Over the course of the last several decades, worksite wellness programs have been on offer across America and elsewhere. All are designed as part of efforts to reduce organizational insurance costs, promote worker morale, reduce absenteeism and high risk behaviors, boast productivity, increase health and so on. All well and good; these kinds of incremental programs will surely continue for the indefinite future.
Among the major issues that corporate leaders, the research community and others address are:
* What kind of incentives will boost participation and desired outcomes?
* Which segments of the population get the most (and least) from wellness education?
* And, how can such investments be accurately evaluated?
These and other matters are significant and should be explored.
Why stop there? Saving money, boosting health, keeping track and all the rest are fine. However, there are opportunities inherent in the nature of REAL wellness that are not likely to arise in standard medically-focused, risk- reduction offerings. The reason? Most if not all are even wellness offerings. The programming is, for the most part, warmed-over health education, nice but nowhere near the life-changing, quality of life-boosting possibilities that could be promoted.
To change lives and world views, perhaps we should encourage people to consider how they might improve themselves. Assuming, of course, that room for improvement is perceived as possible, given one's sense of his or her existing state of near perfection. (For anyone suffering from this delusion, consider this from Michel de Montaigne, an essayist who lived from 1533-1592: There is no man so good, who, were he to submit all his thoughts and actions to the laws, would not deserve hanging ten times in his life.)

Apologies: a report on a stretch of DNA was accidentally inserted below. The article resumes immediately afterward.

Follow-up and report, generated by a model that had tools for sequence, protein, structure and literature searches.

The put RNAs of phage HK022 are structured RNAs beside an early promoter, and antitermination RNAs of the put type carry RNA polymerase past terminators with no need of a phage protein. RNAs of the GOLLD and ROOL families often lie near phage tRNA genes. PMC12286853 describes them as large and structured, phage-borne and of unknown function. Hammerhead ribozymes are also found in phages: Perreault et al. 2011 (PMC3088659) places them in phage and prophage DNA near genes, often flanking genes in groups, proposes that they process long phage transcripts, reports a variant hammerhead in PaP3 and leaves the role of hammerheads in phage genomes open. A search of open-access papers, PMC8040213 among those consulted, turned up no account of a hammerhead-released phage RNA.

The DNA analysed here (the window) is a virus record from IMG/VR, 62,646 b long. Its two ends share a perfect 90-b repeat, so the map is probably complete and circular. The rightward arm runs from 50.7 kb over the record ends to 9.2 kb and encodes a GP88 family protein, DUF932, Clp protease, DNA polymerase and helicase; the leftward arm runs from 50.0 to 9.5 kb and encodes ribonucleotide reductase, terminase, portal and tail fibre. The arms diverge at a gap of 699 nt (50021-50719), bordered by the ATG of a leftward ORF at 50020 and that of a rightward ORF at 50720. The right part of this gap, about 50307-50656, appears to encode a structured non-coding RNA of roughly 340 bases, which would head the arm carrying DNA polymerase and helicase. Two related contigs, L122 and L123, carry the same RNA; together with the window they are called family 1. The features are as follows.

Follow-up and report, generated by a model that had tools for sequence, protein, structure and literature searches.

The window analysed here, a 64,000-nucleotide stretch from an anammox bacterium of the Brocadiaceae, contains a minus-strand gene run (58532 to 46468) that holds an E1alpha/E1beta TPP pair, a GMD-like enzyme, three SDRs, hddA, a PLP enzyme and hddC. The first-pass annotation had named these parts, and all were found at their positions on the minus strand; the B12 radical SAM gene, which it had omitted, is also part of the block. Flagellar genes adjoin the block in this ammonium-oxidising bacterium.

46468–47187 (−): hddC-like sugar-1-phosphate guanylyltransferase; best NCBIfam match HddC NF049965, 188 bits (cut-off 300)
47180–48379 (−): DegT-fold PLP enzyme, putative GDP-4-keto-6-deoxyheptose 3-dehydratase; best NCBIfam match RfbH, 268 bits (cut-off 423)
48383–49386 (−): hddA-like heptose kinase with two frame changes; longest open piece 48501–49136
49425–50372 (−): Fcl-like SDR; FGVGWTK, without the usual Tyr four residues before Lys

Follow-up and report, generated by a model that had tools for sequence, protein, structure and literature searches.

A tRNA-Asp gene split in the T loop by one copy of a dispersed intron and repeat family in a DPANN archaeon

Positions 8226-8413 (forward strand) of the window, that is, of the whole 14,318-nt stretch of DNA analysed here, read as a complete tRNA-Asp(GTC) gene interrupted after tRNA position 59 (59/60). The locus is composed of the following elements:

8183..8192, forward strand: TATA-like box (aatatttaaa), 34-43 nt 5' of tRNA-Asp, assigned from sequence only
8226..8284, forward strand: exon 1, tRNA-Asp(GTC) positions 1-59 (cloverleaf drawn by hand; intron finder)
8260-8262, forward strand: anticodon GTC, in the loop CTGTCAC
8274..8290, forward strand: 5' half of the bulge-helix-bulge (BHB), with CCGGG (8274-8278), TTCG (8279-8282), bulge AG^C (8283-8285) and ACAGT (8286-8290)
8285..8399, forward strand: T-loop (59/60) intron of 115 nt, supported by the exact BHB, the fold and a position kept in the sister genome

Let's look, then, at a hypothetically improved man. What views, perspectives, values and or passions would improved man embrace or favor?
Here are a few possibilities, based upon qualities described by Robert Green Ingersoll in a speech entitled, Improved Man, in 1890.
Robert Green Ingersoll (1833-1899) by Donald B. Ardell (public domain)
How closely do these ideas reflect your own thinking? To what extent do you aligned with such standards?
* The improved man or woman will favor universal liberty. He or she will be opposed not just to kings and nobles but all privileged classes.
* He will give others the rights he claims for himself - a rule as practical as it is golden.